The topic was discussed as a motion at Tuesday’s Regina Board of Police Commissioners meeting.
The motion, which was put forward by Regina Ward 3 Coun. Andrew Stevens and commissioner Juliet Bushi, recommends researching and analyzing the decriminalization of small quantity possession of drugs such as opioids.
The motion calls for the report to examine the feasibility and implications of providing a safe drug supply in Regina to address the addictions crisis and the growing number of overdoses in the community.
The report will also feature input from partner organizations such as harm reduction services.
Regina Police Chief Evan Bray said decriminalization is not just about taking away the ability to charge someone with drugs on them and walking away, but it’s additionally finding a way to get the health assistance they need.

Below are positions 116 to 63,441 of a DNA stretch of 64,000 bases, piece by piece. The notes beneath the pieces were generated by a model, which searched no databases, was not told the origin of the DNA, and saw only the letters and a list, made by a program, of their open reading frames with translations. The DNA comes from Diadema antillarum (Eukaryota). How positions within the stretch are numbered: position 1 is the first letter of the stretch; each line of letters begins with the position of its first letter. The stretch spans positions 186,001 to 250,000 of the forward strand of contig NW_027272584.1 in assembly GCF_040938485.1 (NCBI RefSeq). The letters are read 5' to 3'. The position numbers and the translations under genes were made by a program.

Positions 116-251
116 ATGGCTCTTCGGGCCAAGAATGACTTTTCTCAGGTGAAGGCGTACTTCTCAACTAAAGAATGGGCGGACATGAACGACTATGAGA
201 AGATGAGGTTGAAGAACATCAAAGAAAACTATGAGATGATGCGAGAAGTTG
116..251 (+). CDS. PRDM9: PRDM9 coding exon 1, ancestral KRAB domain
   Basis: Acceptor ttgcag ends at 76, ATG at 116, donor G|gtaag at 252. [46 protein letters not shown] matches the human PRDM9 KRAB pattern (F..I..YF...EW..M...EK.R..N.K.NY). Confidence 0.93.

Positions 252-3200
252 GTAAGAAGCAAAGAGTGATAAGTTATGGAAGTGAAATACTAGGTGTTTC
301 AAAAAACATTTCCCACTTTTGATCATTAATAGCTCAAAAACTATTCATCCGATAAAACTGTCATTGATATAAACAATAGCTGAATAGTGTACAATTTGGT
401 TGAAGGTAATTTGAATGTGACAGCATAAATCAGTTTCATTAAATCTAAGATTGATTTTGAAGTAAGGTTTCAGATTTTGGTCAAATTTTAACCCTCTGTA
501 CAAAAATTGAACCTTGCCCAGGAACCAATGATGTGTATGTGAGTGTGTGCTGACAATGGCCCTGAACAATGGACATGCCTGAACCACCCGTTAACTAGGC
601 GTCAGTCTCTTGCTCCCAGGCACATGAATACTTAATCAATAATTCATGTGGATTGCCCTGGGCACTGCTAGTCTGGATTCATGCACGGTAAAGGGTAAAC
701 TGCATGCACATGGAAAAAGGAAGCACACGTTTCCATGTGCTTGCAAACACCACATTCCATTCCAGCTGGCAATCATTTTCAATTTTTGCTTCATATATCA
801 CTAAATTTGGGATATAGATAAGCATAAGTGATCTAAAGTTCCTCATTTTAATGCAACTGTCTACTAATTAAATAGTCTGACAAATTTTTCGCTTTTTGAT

He added that this is really about trying to put police efforts and attention on things that have true impacts on community safety.
“Many times what they need is real structured support, counselling and services that need to be provided from a health lens, addictions lens and sometimes mental health might be wrapped up in there as well,” Bray said.
“If they get healthy, then the need and requirement for drugs in the community goes down, which has a great effect on lowering crime rates and victimization in our city.”
Bray mentioned how there were 393 simple drug possession charges in 2020, and 172 so far in 2021.
He admitted the drug problem in Regina is as serious and as large — if not larger — than it has ever been.
There have been 993 reported overdoses and 72 apparent deaths in 2021 in Regina.
In July alone there were 182 overdoses.
The report will be looked over at a public board meeting in the first quarter of next year.
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